Flickr Photo by Incurable Hippie
I've been writing a lot about listening through social media channels in preparation for a live workshop for WeAreMedia next month in San Francisco. I'm passionate about listening - the skills, tools, techniques, and how it translates to continuous improvement of strategy and understanding the value it provides to organization's mission.
Whether your nonprofit is using listening tools that are free or a professional tool to take a deeper dive, after you figure out who will do the listening and how to make it actionable, it's time to address the nitty gritty of what and how.
The most important listening literacy skills are
- Keywords Are King: Composing and refining keywords
- Seeing the Forest Through The Trees: Pattern analysis and synthesis of findings
- Engaging effectively: Don't just listen unless your mission is market research or you're a peeping tom
I would really LOVE to hear about stories about what keywords you've used and how the resulting listening
brought some value.
In the meantime, here's some how to tips.
Give Me The Facts Mam
These are obvious. But it helps to have them listed and even better to create a one-pager and get input from other staff members.
- Nonprofit Name
- Other nonprofit names in your space
- Program, services, and event names
- CEO or well-known personalities associated with your organization
- Other nonprofits with similar program names
- Your brand or tagline
- URLs for your blog, web site, online community
- Industry terms or other phrases
Andy Beal also suggests searching on intellectual property and your known strengths and weaknesses.
What Not To Search On
Try to avoid generic terms. Like searching on google, it will bring you lots of noise. If your organization's name or program names contain generic words, use Boolean operators like "AND" or "NOT." (Need to brush up your Boolean skills, here's a tutorial)
It's Not How You Talk About It Behind the Firewall
Once you've had a chance to scan results from the basics, you should keep a spreadsheet of phrases or words that people actually use to describe your organization and add these to your other phrases list. This should give you a reality check and avoid assuming that your audiences uses the same words as your staff or you.
If you are using an analytics software program like Google Analytics, run a search engine referral report and see what words people are actually typing into search engines to find your site and try using some of these. Or the Goolge Adwords Keyword tool
Reiteracy is Social Media Listening Literacy
You may not know what is not worth searching until you try it and revise based on what you see. Don't assume that you'll get it right on the first try, either. It takes some and a little bit of a reiterative process to fine-tune those key words.
Use Some Creative Thinking Skills
Recently, a nonprofit that provided services to caretakers, including grief counseling, wanted to look at how caretakers and family members think or talk about grief and dying of an elderly patient. After trying broad terms and got nothing, they tried phrases like "My elderly mother died of cancer."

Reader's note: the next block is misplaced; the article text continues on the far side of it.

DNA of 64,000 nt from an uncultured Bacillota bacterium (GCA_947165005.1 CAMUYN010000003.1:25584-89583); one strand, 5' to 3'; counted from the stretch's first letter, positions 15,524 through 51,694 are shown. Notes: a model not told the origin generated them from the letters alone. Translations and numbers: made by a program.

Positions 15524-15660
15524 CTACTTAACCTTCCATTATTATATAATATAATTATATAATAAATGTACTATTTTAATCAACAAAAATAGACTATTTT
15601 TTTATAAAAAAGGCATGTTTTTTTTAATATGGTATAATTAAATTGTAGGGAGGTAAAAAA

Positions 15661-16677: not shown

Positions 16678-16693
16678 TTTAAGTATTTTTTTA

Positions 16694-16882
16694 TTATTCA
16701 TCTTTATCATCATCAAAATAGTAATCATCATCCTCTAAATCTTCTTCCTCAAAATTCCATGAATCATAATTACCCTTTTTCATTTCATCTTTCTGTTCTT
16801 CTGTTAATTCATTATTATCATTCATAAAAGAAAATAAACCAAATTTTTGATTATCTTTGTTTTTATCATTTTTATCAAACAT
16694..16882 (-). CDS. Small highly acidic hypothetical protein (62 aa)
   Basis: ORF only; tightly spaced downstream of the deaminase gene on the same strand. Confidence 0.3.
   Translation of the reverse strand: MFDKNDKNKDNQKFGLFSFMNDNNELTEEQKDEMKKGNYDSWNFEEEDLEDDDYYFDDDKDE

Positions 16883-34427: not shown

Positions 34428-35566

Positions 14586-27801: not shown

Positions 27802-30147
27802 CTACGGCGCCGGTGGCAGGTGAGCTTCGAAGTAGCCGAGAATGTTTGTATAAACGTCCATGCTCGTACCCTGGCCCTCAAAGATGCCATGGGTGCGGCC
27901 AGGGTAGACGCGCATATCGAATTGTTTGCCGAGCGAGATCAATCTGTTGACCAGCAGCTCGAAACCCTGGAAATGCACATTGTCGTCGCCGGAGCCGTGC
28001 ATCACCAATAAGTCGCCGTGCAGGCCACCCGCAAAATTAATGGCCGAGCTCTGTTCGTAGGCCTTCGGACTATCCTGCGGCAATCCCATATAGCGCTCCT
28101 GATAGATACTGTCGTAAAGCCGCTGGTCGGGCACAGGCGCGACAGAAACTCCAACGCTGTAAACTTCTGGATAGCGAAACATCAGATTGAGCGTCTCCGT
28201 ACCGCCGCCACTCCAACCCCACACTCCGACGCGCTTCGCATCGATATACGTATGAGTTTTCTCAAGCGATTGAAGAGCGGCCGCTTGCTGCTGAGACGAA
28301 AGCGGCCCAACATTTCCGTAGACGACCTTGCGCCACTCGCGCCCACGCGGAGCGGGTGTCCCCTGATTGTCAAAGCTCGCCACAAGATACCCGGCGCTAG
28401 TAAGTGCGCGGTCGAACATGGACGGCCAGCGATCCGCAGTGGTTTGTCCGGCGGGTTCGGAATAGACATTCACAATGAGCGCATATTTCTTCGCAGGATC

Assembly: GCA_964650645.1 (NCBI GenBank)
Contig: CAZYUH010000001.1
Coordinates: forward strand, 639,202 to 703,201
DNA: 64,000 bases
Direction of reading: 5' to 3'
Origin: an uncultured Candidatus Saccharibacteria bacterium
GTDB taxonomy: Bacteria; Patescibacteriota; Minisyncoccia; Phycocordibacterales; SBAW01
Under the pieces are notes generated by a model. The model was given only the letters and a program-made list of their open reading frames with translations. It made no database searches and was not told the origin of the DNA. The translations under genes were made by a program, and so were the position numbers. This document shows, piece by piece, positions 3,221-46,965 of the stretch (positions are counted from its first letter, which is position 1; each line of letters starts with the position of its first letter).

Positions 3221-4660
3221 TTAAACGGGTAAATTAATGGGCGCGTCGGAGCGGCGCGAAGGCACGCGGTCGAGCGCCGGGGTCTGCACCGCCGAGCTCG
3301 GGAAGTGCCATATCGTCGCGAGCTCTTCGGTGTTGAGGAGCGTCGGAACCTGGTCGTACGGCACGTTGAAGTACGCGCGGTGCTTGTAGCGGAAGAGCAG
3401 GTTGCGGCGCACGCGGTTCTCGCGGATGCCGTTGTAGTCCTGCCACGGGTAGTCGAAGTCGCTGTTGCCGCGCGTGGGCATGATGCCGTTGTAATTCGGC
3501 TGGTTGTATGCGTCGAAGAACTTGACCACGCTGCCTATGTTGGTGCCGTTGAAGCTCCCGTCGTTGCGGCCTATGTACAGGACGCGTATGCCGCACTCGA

Another way to play with key words is to add your organization's name or program, and the word "sucks" or other complaint word. If you are a visual thinker, try the visual thesaurus to help you brainstorm.
Before You Use Tools, Think Offline
Remember that the more phrases and keywords you add, the more results you'll have to look at and that could get overwhelming if you're not using a professional tool. So, if apply the so what test:
1.) List Your Keyword Phrase or Topic Word
2.) List 3 reasons why you're interested
3.) List 3 specific sub-topics or related ideas
4.) Review and pick the most relevant
Listening is only half, Connecting and Engaging is the other half
Unless your mission is to do market research and use listening techniques to feed research reports, you want to take the next step of actually engaging.
Danielle Brigida shared some wonderful insights about the other half of listening which is having that conversation. "I spend a majority of my time listening and responding to questions, commenting on blogs, and tracking NWF's mentions and various programs. But also it's important to connect with people based on their interests (I will sometimes search twitter for "kids outside" and then compliment them on giving their kids a green hour!)
This is probably where you're wondering about how to manage the work without getting information overload. Amber Naslund from Radian 6 offers some good questions on how to manage the participation side of listening:
- Do we have to respond to EVERY brand mention?
- How much time does it take each day to do this?
- What’s the best way to handle negative comments? Ignore or engage?
- How does one person manage all of that information?
- How do we keep track of what happens after someone responds?
- Who should respond to brand mentions? What should they say?
- How will we know if all of this is making a lick of difference?
What else makes up listening literacy skills? What are your stories about how your organization's listening literacy skills have returned value?
Qui Diaz, The Big Dig: Online Research and Listening
She points to a few good posts on the value of connecting listening to action.
Trust, Listening, and Doing Something by Valerie Maltoni
How To Survive A Social Media Revolt, by Mashable
In Social Media, Listening Is Only Half the Battle by Britopian